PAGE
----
42. Replace a Snapped Pull String

It's so frustrating when a light is difficult to turn on because the pull string is missing. Paracords make a great replacement.

43. Improvise a Fuse

Did the fuse burn up on your oil lantern? Not a problem. Paracord burns great and can be used to make an improvised fuse.

44. Hanging Home Decor

When bugging out, you might need to improvise a little when it comes to home decor. Paracord is strong enough to keep mirrors and other large, heavy objects suspended.

45. Strap Wrench

Use a paracord to make a rudimentary pulley system like a strap wrench for moving heavy weights.

46. Halter for Horses

If you're in need of horse tackle, don't fret. Paracord can be used to produce a makeshift knotted halter.

47: Improvised Bore Snake

Improvised Bore Snake | Uses for Paracord That Will Surprise You
Photo by Arms List

Cleaning your weapons can be tricky without the proper equipment. Once again, it's paracord to the rescue. Improvise a bore snake from paracord to clean your firearms.

48. Making a Tire Swing

As previously mentioned, it's easy for kids to get bored in a bug out situation. Have them help you make a tire swing out of paracord. Doing the project itself provides hours of entertainment and once the tire swing is done, they’ll be occupied all the same.

49. Hanging Your Hammock

We mentioned earlier that you can make a hammock with paracords. But even if you already have a hammock of your own, paracords still come in handy when it's time to hang it.

50. Strap for Whistles

An emergency whistle is important to have in a disaster situation or when bugging out with a group. Make sure you have a whistle on you at all times with this paracord hack.

51. Pull Cord for Chainsaw

This is just another way paracords can help you in your woodworking projects or when building a shelter.

52. Pull Cord for Boat Engine

It can be nerve wrecking when you're out on the water and need to repair your boat. Sailors and boaters should always have a spool of paracord nearby in case of emergencies.

53. Pull Cord for Lawn Mowers

Without a pull cord, that lawnmower is just a very large, expensive paperweight. Use a paracord and save money on costly repairs.

54. Emergency Tourniquet

Emergency Tourniquet | Uses for Paracord That Will Surprise You
Photo by Outdoor Life

If you're injured or suffering from heavy bleeding, and you can't get to a hospital immediately, make a tourniquet from a paracord as a last resort.

55. Tying Rucksacks When Traveling

When traveling with a lot of gear, it can be easy to drop or lose track of what you're carrying. Tying it all down with paracord can keep your cargo in place and accounted for.

56. Replacing a Drawstring Cord

Keep the items in your rucksack secure with this quick and easy paracord fix.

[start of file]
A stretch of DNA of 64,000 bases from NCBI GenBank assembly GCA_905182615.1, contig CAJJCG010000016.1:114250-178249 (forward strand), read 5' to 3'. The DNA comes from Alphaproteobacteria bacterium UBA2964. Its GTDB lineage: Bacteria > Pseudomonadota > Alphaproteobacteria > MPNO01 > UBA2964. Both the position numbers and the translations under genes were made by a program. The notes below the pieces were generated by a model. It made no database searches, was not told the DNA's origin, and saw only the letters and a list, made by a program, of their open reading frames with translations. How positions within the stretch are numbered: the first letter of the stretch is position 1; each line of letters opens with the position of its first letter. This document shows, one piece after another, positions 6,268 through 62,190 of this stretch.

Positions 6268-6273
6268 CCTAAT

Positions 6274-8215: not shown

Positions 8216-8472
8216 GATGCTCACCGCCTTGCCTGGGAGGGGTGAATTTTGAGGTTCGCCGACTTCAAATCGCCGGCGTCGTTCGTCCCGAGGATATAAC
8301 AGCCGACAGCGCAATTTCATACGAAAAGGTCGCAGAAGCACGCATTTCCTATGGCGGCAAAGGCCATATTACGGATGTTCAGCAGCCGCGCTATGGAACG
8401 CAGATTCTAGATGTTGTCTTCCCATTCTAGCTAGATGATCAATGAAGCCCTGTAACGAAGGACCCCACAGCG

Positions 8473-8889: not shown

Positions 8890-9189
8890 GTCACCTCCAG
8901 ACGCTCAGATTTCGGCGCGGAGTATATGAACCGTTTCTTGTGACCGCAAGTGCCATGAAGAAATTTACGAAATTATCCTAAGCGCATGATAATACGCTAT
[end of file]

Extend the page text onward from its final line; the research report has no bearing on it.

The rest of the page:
57. Tent Guy Lines

Tie paracords between two trees to construct a tube tent. With just a few materials, you can create a makeshift shelter while you're bugging out.

58. Make a Monkey Fist

A monkey fist is an effective self-defense tool when you don't have other weapons on hand. If you find yourself without a weapon in the wilderness, remember that you still have your paracord! A monkey fist is a simple bludgeoning weapon made of a cord with a weight tied to an end. It's pretty much a flail you can put in your pocket. You can make a monkey fist with your paracord and a weighted ball or a perfectly rounded rock. In no time at all, you'll have a self-defense weapon in your pocket.

Make your own monkey fist with this custom jig!

59. Securing Rucksacks When Buckles Break

Need to make your rucksack more secure? Tie down the lid with a paracord and keep your items in place.

60. Improvised Stretcher

Improvised Stretcher | Uses for Paracord That Will Surprise You
Photo by Survival Hax

Make an improvised stretcher with paracords by lashing poles together and making a net. In an emergency medical situation, this project could literally be a lifesaver.

61. Making a Shelter

Lash poles together to set up a temporary shelter. Make sure your shelter can withstand the elements by securing it with strong 550 cord.

62: Hunting Spear

When you need to hunt, lash a blade to a long pole to create a spear. Improvised weapons are great for hunting in the wild, especially when you don't have traditional weapons on hand. Paracord is perfect for constructing a spear.

63. Wrapping a Mini Maglite Handle for Grip

No need to worry about your flashlight slipping out of your hands when you've got a paracord grip!

64. Lowering Packs Down Cliff Edges

Lowering cargo down a cliff can be a precarious situation but your trusty paracord will help you get the job done.

65: Handcuffs for Bad Guys

When tied correctly, you can be sure that these makeshift handcuffs will keep your captive from escaping or turning on you.

66. Entertainment During Stressful Times

In a survival situation, it's important to take some time to relax and let your mind wander. Tying and untying paracord knots is a great way to unwind (no pun intended). Plus, you get to practice tying knots, so you know exactly what to do when you actually need them.

Here's another way to stay entertained in a bug out situation.

67. Zipper Pull

Zipper Pull | Uses for Paracord That Will Surprise You